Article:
Barcelona have found perfect footballing symmetry

The year 2015 was a spectacular one for Barcelona, in which they won the treble of La Liga, Copa del Rey and Champions League. Their success is continuing in 2016: Luis Enrique’s side are top of La Liga and remain on course to both cup competitions once again.

One reason for Barça’s success is simple: MSN. Lionel Messi is back on his best game, Neymar is fast developing as the Argentine’s heir, and Luis Suarez is unstoppable in front of goal. There is, however, more to Barcelona’s success than just skill on the ball.

Can anyone stop the MSN attack?

The Catalans have always had world-class players, but that’s not always enough. In 2013 they were wiped out 7–0 on aggregate by Bayern Munich, not because their players weren’t skilful but because they had been found out tactically. By pressing continuously, Bayern were able to overwhelm them.

It took a while for Barça to recover from this defeat. When Enrique took over as manager in 2014 he needed new tactics. Possession was no longer enough to win matches. He had three superstars at his disposal, together with a squad of players all comfortable with possessing and passing the ball. But he needed to build these components into a winning formation.

Enrique switches tactics

The tactical answer that Enrique came up with was symmetry. He gave Messi the right side of the pitch. He gave Neymar the left. He then assigned two players to support each of them. With Messi, this is typically Ivan Rakitic and Dani Alves. With Neymar, it’s Jordi Alba and Andres Iniesta.

Neymar and Alba work together down the left

We can also see this formation in the passing network for Barcelona below in their 6–1 Champions League match against Roma back in November.

These networks have been presented in an earlier Soccermatics article. Each of the arrows in this plot indicates the average point on the pitch where players passed to each other. The start of the arrow shows where the pass came from, and the tip shows where it went. The shapes, or zones, connect up all the passes for each player. The zones show the areas where most passes are made between players.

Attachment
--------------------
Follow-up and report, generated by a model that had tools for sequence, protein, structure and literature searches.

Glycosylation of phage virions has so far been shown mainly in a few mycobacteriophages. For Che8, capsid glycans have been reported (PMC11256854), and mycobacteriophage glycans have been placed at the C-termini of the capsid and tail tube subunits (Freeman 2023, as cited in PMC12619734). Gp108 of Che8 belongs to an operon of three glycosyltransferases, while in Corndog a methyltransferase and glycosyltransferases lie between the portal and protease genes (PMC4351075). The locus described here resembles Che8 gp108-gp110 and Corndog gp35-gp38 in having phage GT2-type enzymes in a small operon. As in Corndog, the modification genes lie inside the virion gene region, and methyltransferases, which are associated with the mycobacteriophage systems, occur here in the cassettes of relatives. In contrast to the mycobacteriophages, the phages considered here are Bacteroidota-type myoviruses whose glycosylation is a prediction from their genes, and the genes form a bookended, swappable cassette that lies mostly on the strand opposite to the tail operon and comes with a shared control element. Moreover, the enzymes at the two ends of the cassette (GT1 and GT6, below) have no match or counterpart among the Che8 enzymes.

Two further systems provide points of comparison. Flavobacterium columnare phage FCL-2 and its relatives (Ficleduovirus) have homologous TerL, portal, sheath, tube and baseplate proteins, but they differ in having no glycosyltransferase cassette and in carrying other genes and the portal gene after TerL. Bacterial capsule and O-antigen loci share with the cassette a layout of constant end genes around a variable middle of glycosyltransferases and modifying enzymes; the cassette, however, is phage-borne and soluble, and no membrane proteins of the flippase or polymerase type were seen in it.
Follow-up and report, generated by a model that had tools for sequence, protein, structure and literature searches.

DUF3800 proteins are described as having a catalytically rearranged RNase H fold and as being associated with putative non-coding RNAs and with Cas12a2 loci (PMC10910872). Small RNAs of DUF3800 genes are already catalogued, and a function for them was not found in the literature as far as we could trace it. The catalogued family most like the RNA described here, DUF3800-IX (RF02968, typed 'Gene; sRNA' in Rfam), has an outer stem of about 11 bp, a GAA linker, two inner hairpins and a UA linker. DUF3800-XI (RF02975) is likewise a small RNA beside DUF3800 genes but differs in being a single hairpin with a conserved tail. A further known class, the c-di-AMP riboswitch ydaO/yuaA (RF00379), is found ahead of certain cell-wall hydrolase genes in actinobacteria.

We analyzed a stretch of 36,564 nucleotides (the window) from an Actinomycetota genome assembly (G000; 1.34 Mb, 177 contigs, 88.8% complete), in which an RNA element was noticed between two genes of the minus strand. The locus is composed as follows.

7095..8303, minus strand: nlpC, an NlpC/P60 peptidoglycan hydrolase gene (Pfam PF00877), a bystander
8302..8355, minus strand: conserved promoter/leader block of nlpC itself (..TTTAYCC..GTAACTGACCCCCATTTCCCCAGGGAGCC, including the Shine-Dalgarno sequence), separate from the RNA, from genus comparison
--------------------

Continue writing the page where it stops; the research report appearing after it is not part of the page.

Passing networks

What is striking about this network is the line of symmetry down the middle of the pitch. Thomas Vermaelen is the mirror image of Gerard Pique. Sergio Busquets is in the centre. Then Messi and Neymar each have their own, mirror image zones on the left and right sides, respectively.

Behind Messi’s zone, Rakitic and Dani Alves circulate the ball with passes. And behind Neymar, Sergi Roberto and Alba do exactly the same thing. Suarez was less strongly connected in this match, with only Neymar reaching him repeatedly, but he typically spearheads the attack at the front.

The important point about Barcelona is that the zones the players occupy have the same form of symmetry for each match. When they won El Clasico in Madrid, the passing zones looked like this.

Messi didn’t come on until 57 minutes, so he is missing from the attack, and Javier Mascherano had to go off after 23 minutes, so managed only a few passes in defence. But even with these changes, the same structure remained. Busquets is the central point at the back. The trio of Iniesta, Neymar and Alba are generating chances from the left and Rakitic, Sergi Roberto and Dani Alves on the right. Suarez is now centrally placed at the top.

The build-up in Stats Zone to the first two goals against Real Madrid is shown below.

Rotational passing

Suarez’s first goal after 10 minutes was created by the right-hand trio. The ball was first played back from the left over to the right wing. It was rotated between Rakitic and Dani Alves, before Sergi Roberto found the penetrating pass (marked in yellow) to Suarez. The second goal was a mirror image of the first; the ball rotating on the left until Iniesta broke free and found the pass to Neymar for 2–0. The third was the same again, this time with Iniesta scoring himself.

Goal after goal for Barcelona last year was created this way. They rotate the ball on one side of the pitch, drawing in the opposition, then suddenly they transition to attack. If they get stuck on the left then the ball goes back to Busquets and comes out again on the right, and vice-versa.

The secret of this system lies not so much in which player plays where: Sergi Roberto, for example, has moved between different roles but maintains the overall team structure. The secret lies in keeping the symmetry, to making sure the team is well-balanced.

There is, however, one word of warning for Barcelona. The consistency of their system could end up being its downfall. Just as Barcelona’s tiki-taka first triumphed in 2011 and was found out in 2013, there could well be a way to break down Barcelona’s new symmetry. It will be interesting to see if any team manages to do it during 2016.


Originally published at www.fourfourtwo.com on March 16, 2016.

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